This was an entirely new-look Mavericks team that found a way into the playoffs at 36-30. Dirk still averaged close to 22 points per game and Jason Terry was still a weapon off the bench. The problem was Dallas lost its defensive identity for the year.

Meanwhile, in Oklahoma City, the Thunder were on the rise. They secured the second best record in the Western Conference. Durant led the league in scoring again, and Westbrook was finally entering superstar status. It was the complete opposite of what took place in the conference finals one year ago.

But the Mavericks, the savvy veteran group it is, gave OKC back-to-back scares on its home floor in Games 1 and 2.

Dallas had a four-point lead heading into the fourth quarter. Dirk was having another solid scoring night and even scored 11 in the fourth quarter. But the Thunder found out a way to beat the Mavericks this time around: Get more help for Durant. Westbrook scored 28, Ibaka scored 22 and despite shooting 10-of-27 from the floor, Durant's fortuitous bounce with 1.5 seconds left gave the Thunder a 99-98 victory in Game 1.

Game 2 was the same story, same result. Dirk had 31 points on 10-of-19 shooting and scored 14 in the second quarter. Dallas had a one-point lead with 2:18 remaining after a Carter jumper. Durant made two free throws and Dirk missed two potential go-ahead jumpers in the final 1:30. Terry had a chance to tie the game twice at the buzzer, but missed both 3-point attempts to give the Thunder a 102-99 win and a 2-0 lead, but barely. With Dallas coming back home, after two hard-fought games on the road, it was expected the Mavericks would find a way to tie this series and send it back to OKC.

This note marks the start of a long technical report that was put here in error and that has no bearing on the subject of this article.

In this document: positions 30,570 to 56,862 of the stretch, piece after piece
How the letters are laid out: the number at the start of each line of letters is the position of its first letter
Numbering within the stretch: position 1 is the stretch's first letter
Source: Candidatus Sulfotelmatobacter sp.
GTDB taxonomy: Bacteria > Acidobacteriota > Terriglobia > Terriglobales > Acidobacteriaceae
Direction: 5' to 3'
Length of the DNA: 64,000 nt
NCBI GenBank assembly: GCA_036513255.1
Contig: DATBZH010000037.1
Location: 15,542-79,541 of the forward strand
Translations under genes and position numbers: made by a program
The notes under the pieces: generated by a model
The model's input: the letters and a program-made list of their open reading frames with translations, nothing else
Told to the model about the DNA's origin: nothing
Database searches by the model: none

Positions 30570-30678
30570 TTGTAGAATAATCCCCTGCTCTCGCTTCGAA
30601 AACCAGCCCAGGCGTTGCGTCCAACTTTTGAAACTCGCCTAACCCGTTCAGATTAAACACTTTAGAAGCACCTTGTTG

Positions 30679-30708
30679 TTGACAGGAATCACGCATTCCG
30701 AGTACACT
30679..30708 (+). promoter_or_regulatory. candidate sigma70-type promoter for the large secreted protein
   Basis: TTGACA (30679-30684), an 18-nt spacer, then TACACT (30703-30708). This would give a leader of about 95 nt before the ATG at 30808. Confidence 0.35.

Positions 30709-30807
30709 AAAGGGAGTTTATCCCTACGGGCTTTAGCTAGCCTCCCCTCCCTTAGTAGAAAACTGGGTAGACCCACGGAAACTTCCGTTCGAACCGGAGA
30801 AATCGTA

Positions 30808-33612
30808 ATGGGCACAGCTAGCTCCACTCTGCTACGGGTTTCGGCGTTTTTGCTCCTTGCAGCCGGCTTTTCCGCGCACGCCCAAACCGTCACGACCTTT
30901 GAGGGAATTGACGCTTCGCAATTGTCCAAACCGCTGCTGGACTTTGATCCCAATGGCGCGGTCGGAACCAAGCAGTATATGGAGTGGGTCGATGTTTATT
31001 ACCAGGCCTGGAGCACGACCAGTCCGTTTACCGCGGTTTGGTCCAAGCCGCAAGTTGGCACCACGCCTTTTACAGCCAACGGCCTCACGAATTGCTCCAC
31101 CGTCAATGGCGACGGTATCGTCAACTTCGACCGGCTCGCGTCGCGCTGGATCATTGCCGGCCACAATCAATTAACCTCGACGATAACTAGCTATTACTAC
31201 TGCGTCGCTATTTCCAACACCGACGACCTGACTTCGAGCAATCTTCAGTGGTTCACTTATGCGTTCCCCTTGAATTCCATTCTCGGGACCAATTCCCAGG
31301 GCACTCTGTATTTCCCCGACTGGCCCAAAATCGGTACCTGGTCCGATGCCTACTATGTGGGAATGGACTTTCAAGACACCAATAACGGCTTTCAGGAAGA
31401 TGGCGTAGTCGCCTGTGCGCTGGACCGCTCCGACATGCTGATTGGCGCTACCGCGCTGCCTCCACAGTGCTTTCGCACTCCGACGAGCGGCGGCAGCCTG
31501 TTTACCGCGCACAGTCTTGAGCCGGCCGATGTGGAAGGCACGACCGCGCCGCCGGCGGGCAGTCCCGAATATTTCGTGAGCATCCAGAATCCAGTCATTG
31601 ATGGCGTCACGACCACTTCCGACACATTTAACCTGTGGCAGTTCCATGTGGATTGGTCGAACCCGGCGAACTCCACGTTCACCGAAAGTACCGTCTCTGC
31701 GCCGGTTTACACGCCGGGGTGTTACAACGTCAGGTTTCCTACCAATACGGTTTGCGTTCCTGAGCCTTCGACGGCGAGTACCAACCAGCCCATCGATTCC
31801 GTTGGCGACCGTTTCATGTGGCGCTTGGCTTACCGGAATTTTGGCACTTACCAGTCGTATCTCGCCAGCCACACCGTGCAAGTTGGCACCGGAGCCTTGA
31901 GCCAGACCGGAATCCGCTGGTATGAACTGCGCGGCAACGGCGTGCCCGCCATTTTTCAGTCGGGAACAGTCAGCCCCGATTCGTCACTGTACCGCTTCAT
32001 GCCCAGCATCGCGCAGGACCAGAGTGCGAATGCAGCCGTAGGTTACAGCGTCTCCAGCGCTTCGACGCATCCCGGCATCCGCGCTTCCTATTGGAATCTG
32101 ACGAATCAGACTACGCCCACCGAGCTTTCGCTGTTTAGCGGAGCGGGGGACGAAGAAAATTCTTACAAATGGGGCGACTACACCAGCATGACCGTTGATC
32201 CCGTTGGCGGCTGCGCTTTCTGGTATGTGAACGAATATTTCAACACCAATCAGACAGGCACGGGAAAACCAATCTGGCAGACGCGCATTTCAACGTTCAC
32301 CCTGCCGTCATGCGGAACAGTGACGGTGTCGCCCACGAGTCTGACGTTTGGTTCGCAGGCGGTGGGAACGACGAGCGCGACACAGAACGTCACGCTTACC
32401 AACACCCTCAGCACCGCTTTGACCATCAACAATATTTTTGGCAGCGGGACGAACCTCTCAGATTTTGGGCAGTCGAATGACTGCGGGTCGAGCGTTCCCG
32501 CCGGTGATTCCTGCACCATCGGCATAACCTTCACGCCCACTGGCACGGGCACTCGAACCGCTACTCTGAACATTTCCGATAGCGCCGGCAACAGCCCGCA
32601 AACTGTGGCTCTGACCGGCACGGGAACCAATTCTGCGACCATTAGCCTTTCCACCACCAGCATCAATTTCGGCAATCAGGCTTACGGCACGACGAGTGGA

That would most certainly not be the case.

Dirk went cold in Game 3, scoring 17 points on 15 shot attempts. This was the time Durant turned into a cold-blooded assassin. Knowing Dallas would feel confident going into Game 3, he had his best offensive performance of this series with 31 points on four missed shots, and five players scored in double figures to lead the Thunder in a blitz of the Mavericks, 95-79. Losing those first two games in OKC proved to be too much for Dallas to overcome. Even that team would admit it had a chance to really shock some people, but alas, all Game 4 would be was a formality.

There was this highlight to be had, however, of Vinsanity showing us he still had hops in his game.

Durant decided to take this game off and let Harden put the Mavs away for good this season. Dallas had a 10-point lead going into the fourth. That would evaporate quickly. Harden scored 15 of his team-high 29 points in the fourth quarter, including nine in a 12-point stretch that cut the once-10-point lead to one. It was only a matter of time before the Mavericks would succumb to the Thunder. It was simply their time, and that 103-97 victory over Dallas to seal the series would propel OKC to its first NBA Finals appearance, only to fall short of LeBron James and the same Miami Heat that Dallas disposed of the previous year.

You can call this year's meeting the rubber match. There's no distinct advantage for either team. The Mavericks could legitimately steal a game or two from the Thunder and make this a competitive series for the first time ever. If Dirk and Rick Carlisle know anything, though, they realize it can't be a repeat of 2012. If Dallas has a chance to steal home court advantage, they better take advantage of it.

Get ready, y'all. It's playoff time.